Follow these instructions and you should have no problems taking care of your poinsettia through the holiday season and beyond. Do you have a question that was not answered here? Feel free to contact us and we would be happy to answer it you.
Metropolitan Wholesale is your source if you are looking to buy wholesale calcium chloride ice melt this winter. We wholesale Peladow 50lb bags of pellets and flakes. Ideal for landscapers, building mangers, homes and commercial use – Peladow calcium chloride ice melt is the best choice to get the job done quickly and effectively. When used on sidewalks, driveways and parking lots, calcium chloride melts ice up to 3 times faster than other products. It penetrates the ice and creates a bond with the pavement that allows for easy removal of ice and snow.
We sell calcium chloride pellets in 50lb bags, by the bag or by the pallet. We have a convenient pick up location in Saddle Brook, New Jersey and we also offer delivery for larger orders. By catering to landscapers, construction companies, schools, municipalities, commercial buildings and snow removal companies, we are able to distribute calcium chloride in large quantities and pass the savings on to the end user. So whether you need a single bag or several pallets, Metropolitan Wholesale is your source for Peladow Calcium Chloride this winter.
We also wholesale bundled kiln dried firewood, snow shovels, work gloves and many other supplies to make the winter as easy as possible. Please feel free to contact us for pricing on all of your winter snow removal supplies. We are open 7 days a week.
Tropical Bonsai As Gifts And Tropical Bonsai Care
In an earlier blog, I described the cultivation of the most popular bonsai, the Juniper Bonsai. But there are dozens and dozens of other plant species that are bonsaied that are equally rewarding and often much easier for the beginner to succeed with. Many of these are Tropical Bonsai, that is, species of dwarf trees and shrubs that grow in warm, tropical parts of the world. The advantage of growing these types of bonsai is that they can be grown indoors all year long at room temperatures with out a winter’s cooling rest. This takes much of the guess work out growing truly beautiful specimens. I will discuss just a few of the hundreds of varieties grown, concentrating on the most popular and the most available.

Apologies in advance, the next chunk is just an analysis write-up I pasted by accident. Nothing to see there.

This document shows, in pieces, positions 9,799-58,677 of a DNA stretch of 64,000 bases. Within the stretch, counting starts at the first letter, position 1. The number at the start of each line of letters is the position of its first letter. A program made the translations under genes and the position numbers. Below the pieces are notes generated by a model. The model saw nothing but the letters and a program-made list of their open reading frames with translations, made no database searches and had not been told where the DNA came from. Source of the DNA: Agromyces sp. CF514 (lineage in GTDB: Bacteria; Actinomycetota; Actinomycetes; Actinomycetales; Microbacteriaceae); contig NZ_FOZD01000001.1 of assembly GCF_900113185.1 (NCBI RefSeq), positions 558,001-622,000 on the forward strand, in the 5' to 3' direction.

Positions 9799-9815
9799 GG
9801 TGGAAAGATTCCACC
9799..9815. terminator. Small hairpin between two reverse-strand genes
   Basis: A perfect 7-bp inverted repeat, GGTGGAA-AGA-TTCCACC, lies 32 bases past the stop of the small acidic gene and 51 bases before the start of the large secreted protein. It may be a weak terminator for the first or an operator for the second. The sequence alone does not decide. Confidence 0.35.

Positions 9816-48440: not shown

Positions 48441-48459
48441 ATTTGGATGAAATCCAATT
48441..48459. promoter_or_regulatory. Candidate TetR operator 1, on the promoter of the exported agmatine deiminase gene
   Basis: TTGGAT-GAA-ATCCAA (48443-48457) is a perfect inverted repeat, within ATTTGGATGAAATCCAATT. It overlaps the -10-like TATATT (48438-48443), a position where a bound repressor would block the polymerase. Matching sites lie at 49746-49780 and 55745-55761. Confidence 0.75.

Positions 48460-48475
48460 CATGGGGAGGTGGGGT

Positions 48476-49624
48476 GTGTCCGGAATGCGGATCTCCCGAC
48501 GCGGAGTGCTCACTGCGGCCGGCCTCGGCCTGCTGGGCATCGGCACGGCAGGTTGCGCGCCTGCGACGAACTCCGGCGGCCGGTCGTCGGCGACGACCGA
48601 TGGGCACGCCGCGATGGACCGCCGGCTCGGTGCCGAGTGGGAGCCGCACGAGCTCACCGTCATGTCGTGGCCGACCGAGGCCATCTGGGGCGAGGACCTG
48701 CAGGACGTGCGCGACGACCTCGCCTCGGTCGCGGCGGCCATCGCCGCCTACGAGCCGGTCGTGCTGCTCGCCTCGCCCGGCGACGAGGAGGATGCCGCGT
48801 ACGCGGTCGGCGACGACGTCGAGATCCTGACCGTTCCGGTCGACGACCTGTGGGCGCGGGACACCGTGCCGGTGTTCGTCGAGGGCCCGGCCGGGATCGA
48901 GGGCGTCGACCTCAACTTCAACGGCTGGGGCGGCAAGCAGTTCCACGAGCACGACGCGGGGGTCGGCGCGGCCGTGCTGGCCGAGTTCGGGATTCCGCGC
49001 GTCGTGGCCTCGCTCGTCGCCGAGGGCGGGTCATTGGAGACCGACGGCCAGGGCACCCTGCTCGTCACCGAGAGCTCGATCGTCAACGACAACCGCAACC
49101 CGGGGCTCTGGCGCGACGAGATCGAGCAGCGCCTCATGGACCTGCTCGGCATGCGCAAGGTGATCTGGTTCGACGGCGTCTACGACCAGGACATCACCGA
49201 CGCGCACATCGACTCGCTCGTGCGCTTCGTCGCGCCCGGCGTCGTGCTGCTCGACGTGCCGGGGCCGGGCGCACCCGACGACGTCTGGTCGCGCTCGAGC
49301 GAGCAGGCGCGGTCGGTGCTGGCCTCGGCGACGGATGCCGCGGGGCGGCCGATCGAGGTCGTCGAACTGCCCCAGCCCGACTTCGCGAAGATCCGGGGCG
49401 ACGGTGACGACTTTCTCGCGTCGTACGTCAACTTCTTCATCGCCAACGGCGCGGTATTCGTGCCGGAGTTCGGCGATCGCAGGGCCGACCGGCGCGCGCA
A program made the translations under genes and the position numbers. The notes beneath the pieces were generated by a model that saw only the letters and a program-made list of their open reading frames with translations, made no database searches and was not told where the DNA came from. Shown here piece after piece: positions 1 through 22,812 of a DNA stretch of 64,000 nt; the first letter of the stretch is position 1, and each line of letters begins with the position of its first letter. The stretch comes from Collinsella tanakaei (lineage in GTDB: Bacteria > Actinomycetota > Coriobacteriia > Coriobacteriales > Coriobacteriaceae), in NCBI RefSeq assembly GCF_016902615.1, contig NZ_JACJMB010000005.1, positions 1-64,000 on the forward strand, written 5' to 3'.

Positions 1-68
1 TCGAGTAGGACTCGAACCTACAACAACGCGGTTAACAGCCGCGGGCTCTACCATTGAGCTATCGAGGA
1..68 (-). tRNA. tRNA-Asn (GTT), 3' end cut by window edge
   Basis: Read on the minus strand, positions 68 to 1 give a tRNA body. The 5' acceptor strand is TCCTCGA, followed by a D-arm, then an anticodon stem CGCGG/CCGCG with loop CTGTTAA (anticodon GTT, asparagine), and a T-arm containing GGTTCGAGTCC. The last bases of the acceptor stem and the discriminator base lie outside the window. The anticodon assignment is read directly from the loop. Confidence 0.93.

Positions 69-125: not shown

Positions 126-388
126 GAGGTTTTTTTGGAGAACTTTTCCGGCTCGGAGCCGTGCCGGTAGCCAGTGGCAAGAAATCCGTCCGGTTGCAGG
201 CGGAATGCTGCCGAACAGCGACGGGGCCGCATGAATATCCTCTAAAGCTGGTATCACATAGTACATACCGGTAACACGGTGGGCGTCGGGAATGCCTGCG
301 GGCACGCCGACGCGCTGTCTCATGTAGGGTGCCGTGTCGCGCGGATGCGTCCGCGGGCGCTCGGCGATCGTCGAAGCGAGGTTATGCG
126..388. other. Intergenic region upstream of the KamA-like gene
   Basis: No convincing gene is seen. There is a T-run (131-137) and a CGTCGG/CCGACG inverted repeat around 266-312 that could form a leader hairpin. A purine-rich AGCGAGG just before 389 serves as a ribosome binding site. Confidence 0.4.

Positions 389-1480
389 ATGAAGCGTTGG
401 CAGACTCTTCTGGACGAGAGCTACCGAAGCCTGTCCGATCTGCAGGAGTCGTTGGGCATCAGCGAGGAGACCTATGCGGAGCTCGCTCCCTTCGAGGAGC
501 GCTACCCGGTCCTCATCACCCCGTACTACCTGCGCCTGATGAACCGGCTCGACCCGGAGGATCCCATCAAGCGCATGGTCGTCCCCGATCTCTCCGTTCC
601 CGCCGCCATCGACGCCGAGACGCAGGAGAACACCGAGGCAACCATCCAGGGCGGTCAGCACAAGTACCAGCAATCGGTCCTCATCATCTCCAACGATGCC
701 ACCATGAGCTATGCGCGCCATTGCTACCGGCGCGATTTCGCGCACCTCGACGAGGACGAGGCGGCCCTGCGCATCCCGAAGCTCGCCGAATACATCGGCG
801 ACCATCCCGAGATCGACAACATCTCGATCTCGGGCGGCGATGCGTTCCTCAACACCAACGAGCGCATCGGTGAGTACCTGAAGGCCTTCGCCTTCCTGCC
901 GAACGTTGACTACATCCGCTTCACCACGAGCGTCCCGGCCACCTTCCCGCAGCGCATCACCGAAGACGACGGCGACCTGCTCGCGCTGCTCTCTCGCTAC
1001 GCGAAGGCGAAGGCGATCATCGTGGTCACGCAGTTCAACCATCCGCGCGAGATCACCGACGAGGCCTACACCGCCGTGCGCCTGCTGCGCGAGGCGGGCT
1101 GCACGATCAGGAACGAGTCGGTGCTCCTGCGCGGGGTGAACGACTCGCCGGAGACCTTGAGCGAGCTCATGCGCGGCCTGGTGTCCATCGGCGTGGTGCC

I think if I were going to give a tropical bonsai as a gift, I would probably choose a dwarf ficus or a dwarf Schefflera. The Ficus varieties, such as Ficus retusa, are not really dwarfs in nature, but have small leaves and can be kept miniaturized by restricting the roots and pruning the stems and branches. Even the common Ficus benjamina and it’s many cultivars are often bonsaied. The Schcfflera arboricola is also a large plant in nature, but has much smaller leaves than the other types. Both Ficus and Schefflera form nice, interesting caudexes at a young age, replicating tree trunks in a small size. But the fact that they look like little old trees at a very young age is not the only reason people love these plants. Tropical Bonsai care is very simple. They are among the easiest plants to maintain and train and develope into something even a novice can be very proud of. They will thrive in a bright, mostly indirect light area, even tolerating some direct sun once they acclimate to it. Tropical Bonsai do need to be kept evenly moist at all times, but are forgiving if you slip a little once in a while. Almost any fertilizer sold for house plants will do and should your plant develop unwanted critters, insecticidal soap should clear that up. Like all bonsai, they like high humidity. Keeping the plants over a humidity tray is advisable, especially in the winter if you have dry heat in the house.
Other popular and easy species to bonsai are the Fukien Tea and the Chinese Elm. Again, these are trees that have small, delicate leaves and short, thick stems that resemble old, gnarly tree trunks. They also do well inside the house all year long in a bright, indirect lit area. These varieties are more likely to shed their leaves and may even go dormant in the winter than the Ficus or Schefflera, and if they do, you need to withhold some of the normal moisture and resist fertilizing until new leaves appear.
And then there are the blooming tropical bonsai, such as Bougainvilleas, Camellias, southern Azaleas and of course Serissas. The first three are the same plants that grow down south and make massive, outstanding floral displays that we often see in pictures of the old southern plantations. Like the Ficus, Scheffleras and Elms, bonsaing these plants is simply a process of restricting their roots and foliage growth. Serissas are a naturally small plant with tiny leaves and tiny little white flowers and rough, twisting stems. All of these varieties need good light, but the Bouganvillas do best in strong direct sun. The others can tolerate some early morning or late afternoon direct sun, but not the hot, midday sun. Humidity trays will keep your plants happy as well.